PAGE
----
This site was last updated on June, 2010

Quartz Crystal Habits within Herkimer Diamond Deposits

Definitions and Scope:

The best website on "Herkimer Diamonds"

Larger photos of the thumbnails presented on the main "Crystal Form" page.  Included is identification information and the source link is embedded there (just click). In some cases additional information and comments are provided for each photo.

The "baby floater" druze refers to a unique stage of mineralization in the Herkimer mining district.  It is a "druze", or coating, of very small (sometimes microscopic), Herkimer diamonds.  It seems to occur in every mine, and at the same place in the mineral sequence , just before the major Herkimer diamond event.

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The "Baby Floater" druze

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 There are many features associated with it that are illustrated below.  See also the inclusion page ------->
On the left, this specimen ( 9 cm across) from Fonda, NY (DA) that shows a different type of druze.  it is here named "baby floater druze" because it appears to be a coating of microsopic Herkimer diamonds.  The specimen is described more on the matrix (host rock) page (click on link below).
A close up on this specimen (below) is from where the black arrow is pointing  (sepcimen upper left) and shows an interesting feature.  The druze used to be covering more rock but is now gone and the exposed rock is very eroded (probably a hydrothermal effect connected to the baby floater event, as we see this in other mines).  An important point to consider - if this was the wall rock of larger pockets it would be quite unstable.  Given this to be the case, then much of the wall rock would show collapse and be found with the mud at the bottom.  See the link to mud discussion ->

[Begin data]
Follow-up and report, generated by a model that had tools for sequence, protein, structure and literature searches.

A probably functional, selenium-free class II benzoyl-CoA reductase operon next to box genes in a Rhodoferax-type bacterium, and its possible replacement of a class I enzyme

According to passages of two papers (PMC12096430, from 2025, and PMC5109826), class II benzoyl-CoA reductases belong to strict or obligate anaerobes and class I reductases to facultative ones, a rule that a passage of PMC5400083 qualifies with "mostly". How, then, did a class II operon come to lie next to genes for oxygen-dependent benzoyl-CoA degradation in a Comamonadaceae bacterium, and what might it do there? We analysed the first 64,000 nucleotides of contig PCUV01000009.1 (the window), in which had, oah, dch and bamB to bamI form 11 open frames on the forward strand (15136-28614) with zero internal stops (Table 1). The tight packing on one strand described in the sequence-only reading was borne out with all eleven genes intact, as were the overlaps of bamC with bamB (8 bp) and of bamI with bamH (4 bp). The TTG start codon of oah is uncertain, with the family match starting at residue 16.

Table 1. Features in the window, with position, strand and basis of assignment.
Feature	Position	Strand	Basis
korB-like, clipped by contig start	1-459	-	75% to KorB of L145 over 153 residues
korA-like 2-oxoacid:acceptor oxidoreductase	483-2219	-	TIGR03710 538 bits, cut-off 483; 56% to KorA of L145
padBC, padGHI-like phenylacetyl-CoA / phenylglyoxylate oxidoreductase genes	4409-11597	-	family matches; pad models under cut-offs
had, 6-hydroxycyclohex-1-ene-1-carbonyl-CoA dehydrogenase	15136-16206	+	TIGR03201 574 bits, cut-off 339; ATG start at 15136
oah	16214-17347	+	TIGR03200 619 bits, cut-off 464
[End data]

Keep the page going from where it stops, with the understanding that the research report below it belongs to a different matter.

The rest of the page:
<---     "Baby floater druze"
Please visit the inclusions page to see more "baby floater" pictures as inclusions inside Herkimer diamonds.   This particular druze may hold a key piece of the Herkimer diamond story.
On the left is a microscope close up of the above, on the edges of the "cavities".  The druze does not look like any other druze.  There is not a thick layer (or rind) between the quartz and the host rock, just a microscopic rind.  The druze doesn't form the same crystal pattern of "mountain peaks" but instead is a coating of microsopic Herkimer Diamond like crystals randomly scattered.  Photos, Dr.D, 2009
The microscope photo to the left shows a light coating of microscopic Herkimer Diamond like crystals on fresh matrix of very tiny, nearly clear, rhombs of dolomite.  The blocky crystal in the middle right is dolomite just 1 mm across.  From the Hanson/Benchmark Quarry , St. Johnsville, NY.  Photo, Dr. D.  (Specimen donated by Mike Eggleston). 
The microscope photo below shows a light coating of microscopic Herkimer Diamond like crystals on an "eroded" matrix.  The blocky crystals are dolomite.  From Herkimer Diamond Mine, Middleville, NY.  Photo, Dr. D.  The largest dolomite is only 2 mm across.
Microscope photo below shows a light coating of microscopic Herkimer Diamond like crystals on an "eroded" matrix, a bit more eroded that the rock in the above photo.  The blocky crystal in the lower left is dolomite just 2 mm across.  From the top of  a Herkimer pocket at the Ace of Diamonds Mine, Middleville, NY.  Photo, Dr. D., 2009 (Specimen donated by Bill and Anne).